The case for a budget deficit depends on what the deficit is for, and not on what may appear to be sound or unsound according to any established traditional doctrine. Judging fiscal measures by the way they work or function in the economy is known as the doctrine of “Functional Finance”. As with all macro policies, budget deficits should be judged in relation to the results. Moreover, budget deficits have different impacts depending on whether the economy is at full employment or far from it. In the former case, deficits are likely to have adverse effects, e.g., may crowd out private investment by increasing interest rates and lead to inflation (due to excessive aggregate demand), although the empirical evidence linking cause and effect is scant. If the economy is not at full employment, a deficit need not crowd out private investment. Therefore, a budget deficit incurred to achieve full employment should, at least, be considered.

It should not be inferred from these arguments that I am proposing budget deficits without limits. The size of the deficit is market-determined by the desired net saving of the private sector. Full employment is the limit. For this reason, functional finance is not about spending without limit.

The discussion above indicates that government expenditure and fiscal policy in general should be seen from the point of view of how to keep the total spending in the economy at the rate that would buy all the goods that it is possible to produce. Fiscal policy should be conceived as a mechanism that balances the system, exogenously increasing aggregate demand (e.g., by injecting expenditures) whenever private-sector spending falls short of a full-employment level of effective demand, and reducing aggregate demand (by taxing) if this exceeds the full-employment level. This also means that the purpose of taxation is not to finance or allow government spending, but to remove spending power from the private sector so as to reduce current aggregate demand, and maintain the (government-created) demand for the government’s money. The key is to ensure that government spending is at the right level to induce neither inflationary nor deflationary forces. However, given the usual private-sector preferences regarding net saving, economic growth will most often require government deficits. Until full employment is reached, deficits can be increased to allow incomes to rise. Once full employment is reached, additional deficit spending will generate additional income that most likely will induce inflation.[****] This also means that, in general, unemployment is the evidence that the government’s deficit is too low. Deficit spending increases incomes and generates additional spending, and thus additional employment. This additional spending will most likely stimulate the private sector, create more jobs, and reduce unemployment.[††††]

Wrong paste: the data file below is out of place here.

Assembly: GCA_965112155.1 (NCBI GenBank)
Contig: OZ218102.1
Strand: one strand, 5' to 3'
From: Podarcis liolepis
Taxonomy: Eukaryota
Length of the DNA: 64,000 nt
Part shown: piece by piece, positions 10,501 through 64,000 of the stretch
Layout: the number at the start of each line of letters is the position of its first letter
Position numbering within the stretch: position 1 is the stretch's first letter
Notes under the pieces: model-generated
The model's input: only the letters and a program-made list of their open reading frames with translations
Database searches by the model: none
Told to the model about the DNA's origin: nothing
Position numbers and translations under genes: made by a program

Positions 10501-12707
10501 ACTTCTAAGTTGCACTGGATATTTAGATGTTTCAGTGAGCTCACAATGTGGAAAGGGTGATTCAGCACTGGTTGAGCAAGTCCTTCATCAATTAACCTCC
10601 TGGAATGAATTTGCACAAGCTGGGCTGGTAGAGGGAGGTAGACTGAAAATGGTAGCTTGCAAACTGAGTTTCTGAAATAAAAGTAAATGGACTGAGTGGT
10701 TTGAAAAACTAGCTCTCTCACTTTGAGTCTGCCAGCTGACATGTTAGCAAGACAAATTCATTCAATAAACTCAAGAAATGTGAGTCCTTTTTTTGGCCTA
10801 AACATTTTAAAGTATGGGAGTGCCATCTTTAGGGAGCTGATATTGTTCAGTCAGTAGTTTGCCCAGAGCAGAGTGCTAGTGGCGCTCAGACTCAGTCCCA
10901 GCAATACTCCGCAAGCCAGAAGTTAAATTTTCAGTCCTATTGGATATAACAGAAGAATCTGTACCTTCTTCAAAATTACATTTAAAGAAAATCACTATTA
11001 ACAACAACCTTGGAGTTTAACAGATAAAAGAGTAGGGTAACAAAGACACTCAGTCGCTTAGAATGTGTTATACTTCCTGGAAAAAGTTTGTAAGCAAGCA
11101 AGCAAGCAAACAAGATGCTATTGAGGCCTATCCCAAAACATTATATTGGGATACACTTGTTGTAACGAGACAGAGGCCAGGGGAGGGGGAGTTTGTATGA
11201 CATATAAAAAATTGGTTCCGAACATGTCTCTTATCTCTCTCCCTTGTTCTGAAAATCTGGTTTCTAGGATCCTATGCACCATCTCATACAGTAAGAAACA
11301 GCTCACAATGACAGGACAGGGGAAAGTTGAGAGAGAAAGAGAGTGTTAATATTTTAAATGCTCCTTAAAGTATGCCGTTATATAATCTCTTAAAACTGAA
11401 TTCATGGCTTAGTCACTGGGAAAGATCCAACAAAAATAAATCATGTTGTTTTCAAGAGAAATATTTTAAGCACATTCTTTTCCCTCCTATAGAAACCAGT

“There is a widespread perception that many governments have used unemployment as a way to contain inflation. Surely inflation is bad, but the social costs of unemployment are much worse.”

Inflation, and the policies to contain it are also controversial. Inflation can potentially damage developing countries because it erodes the purchasing power of wages and shifts the burden of financing development to workers. This is unethical and conflicts with the idea of inclusive growth. Price increases that lead to real wage reductions (especially for the workers at the bottom of the wage distribution, for whom low inflation is a public good of special importance) are inconsistent with the notion of inclusive growth, and measures should be taken against inflation.

However, Stiglitz et al. (2006) argue that there is considerable confusion about the role of price stability in an economy. Inflation is interpreted by many as an indicator of economic malperformance. The problem with this view is that the indicator is interpreted by many as a policy objective, when in reality it is only an intermediate variable.Unemployment, meanwhile, argues Galbraith, “has become a price-stabilizing instrument... [because] . . . those who have political voice and influence are more damaged by inflation than by unemployment”.55 The key lies in understanding the causes of inflation, for these have different implications for economic policy.